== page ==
Tech Tip #9: The Role of SEDs in Data Management
The loss of data is a concern for pretty much everyone. It can affect you and your business in many ways. The inability to find data can affect being able to call people, treat patients, produce products, fill orders, send invoices, and much more. Taking measures to keep this from happening is a prudent step toward avoiding computer network downtime and having peace of mind. So what is the secret to success?
One effective step you can take is incorporating Self-Encrypting Drives (SEDs). SEDs, as compared to your standard Hard Disk Drive (HDD), have a circuit built into the drive's controller chip. The circuit encrypts all data that is processed through the drive, eliminating the need for third-party software to encrypt your data on standard HDDs.
SEDs work by effectively having two keys, with one key called the MEK or Media Encryption Key, and the other key is a KEK or Key Encryption Key. These keys work in tandem to encrypt the drive. The MEK is the key that encrypts and decrypts the drive, and is set at the factory. The KEK is a key you set during the configuration of your system. What the KEK does is encrypt and decrypt the MEK. Without the KEK during the initial setup, there is no way for the drive to decrypt the MEK. As a result your data becomes unrecoverable.
Benefits of SED’s:
- Limit Attack Surface - SEDs enable you to limit the attack surface of the encryption. Encryption is all done locally on the drive, and nothing is processed within the processor or RAM, limiting the attack surface of the encryption. The process is also completely transparent to the user outside of providing the KEK. Furthermore, no applications or programs need to be run locally within the Operating System.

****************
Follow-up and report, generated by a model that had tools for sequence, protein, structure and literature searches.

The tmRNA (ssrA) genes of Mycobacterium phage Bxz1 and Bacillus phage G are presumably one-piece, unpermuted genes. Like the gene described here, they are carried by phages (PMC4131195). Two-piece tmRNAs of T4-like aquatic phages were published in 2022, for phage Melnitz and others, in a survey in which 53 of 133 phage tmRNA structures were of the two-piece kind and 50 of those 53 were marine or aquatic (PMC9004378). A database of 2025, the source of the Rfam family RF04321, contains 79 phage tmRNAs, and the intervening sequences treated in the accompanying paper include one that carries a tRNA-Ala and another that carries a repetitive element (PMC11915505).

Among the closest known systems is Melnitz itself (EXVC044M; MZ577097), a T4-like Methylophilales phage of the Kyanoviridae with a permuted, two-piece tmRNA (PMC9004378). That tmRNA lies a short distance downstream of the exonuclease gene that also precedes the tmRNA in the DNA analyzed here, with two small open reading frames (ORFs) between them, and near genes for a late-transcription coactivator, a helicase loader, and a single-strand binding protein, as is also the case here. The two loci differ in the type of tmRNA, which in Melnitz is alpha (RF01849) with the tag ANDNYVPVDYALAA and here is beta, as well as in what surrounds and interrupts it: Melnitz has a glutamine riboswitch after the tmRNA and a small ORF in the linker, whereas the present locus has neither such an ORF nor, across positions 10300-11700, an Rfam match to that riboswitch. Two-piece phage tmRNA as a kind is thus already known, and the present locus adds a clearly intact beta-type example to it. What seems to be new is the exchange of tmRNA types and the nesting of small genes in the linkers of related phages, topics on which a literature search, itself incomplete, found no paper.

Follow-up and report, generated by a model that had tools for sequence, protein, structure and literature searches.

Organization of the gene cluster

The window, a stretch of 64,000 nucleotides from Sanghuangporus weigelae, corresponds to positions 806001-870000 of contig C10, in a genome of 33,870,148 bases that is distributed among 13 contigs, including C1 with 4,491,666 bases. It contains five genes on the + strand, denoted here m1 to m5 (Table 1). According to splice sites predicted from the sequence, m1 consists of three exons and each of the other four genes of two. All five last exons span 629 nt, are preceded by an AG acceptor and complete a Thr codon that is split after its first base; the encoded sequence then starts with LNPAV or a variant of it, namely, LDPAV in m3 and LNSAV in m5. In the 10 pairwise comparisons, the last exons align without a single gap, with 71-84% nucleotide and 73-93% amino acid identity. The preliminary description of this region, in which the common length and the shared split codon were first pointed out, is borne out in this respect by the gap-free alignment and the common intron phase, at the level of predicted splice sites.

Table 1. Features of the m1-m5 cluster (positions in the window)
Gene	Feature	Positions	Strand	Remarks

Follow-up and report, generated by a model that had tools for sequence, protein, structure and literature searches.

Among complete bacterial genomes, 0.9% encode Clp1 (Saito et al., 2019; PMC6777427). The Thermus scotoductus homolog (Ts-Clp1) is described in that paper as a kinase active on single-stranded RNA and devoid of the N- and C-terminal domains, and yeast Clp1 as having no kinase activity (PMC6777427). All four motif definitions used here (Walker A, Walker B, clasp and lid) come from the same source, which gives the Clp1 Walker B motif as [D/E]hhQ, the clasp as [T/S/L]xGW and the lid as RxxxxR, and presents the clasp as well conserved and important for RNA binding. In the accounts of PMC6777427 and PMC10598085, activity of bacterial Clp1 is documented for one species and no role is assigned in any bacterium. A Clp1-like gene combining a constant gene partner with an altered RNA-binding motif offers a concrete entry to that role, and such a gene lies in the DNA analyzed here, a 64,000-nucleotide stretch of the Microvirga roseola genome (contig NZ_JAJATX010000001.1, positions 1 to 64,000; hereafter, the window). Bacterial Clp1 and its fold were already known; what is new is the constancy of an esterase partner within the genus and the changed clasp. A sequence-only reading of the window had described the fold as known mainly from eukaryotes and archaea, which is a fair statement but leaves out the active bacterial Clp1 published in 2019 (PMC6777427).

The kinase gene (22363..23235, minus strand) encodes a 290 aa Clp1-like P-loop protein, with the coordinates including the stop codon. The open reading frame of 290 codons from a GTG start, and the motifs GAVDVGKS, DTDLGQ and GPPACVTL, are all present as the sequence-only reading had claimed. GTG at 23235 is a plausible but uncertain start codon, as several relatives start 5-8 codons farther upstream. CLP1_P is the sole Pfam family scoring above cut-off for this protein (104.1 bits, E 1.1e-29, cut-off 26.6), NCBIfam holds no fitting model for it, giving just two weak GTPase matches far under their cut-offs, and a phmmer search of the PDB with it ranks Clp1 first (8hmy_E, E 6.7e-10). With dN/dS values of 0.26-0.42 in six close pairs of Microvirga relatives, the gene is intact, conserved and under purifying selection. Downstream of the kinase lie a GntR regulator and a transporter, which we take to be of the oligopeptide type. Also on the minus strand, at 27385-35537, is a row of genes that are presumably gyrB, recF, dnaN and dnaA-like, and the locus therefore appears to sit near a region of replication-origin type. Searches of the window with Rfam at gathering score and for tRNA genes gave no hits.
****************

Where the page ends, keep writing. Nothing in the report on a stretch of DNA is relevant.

Secure Erase in Seconds - SEDs give you the ability to Instant Secure Erase a drive within seconds rather than hours. It clears the KEK and resets the encryption, effectively wiping the drive. It saves hours, especially for businesses that wipe drives prior to reuse or destruction. By running the instant secure erase command, you effectively change the key used to decrypt the drive rendering all the previous data unrecoverable.
Deployment strategy with SEDs should be a well thought out plan. The right attention to the specific security problems they mitigate can be useful, but they’re not by themselves a defense against data theft or loss, nor are they by themselves a compliance procedure.
Security is a process, not a product, and while you can buy products that make the process easier, the majority of the heavy lifting is still yours to do. With SEDs the only way to protect against data theft is always the combination of firewalls, SEDs, actual monitoring (not just software), but actual eyes on monitoring. Annual, biannual, or monthly penetration testing.
Remember, the hack comes before the fix. Although the costs are high for security, how much would a breach or theft cost?
Call today to learn more from a network specialist at 651-633-0095.
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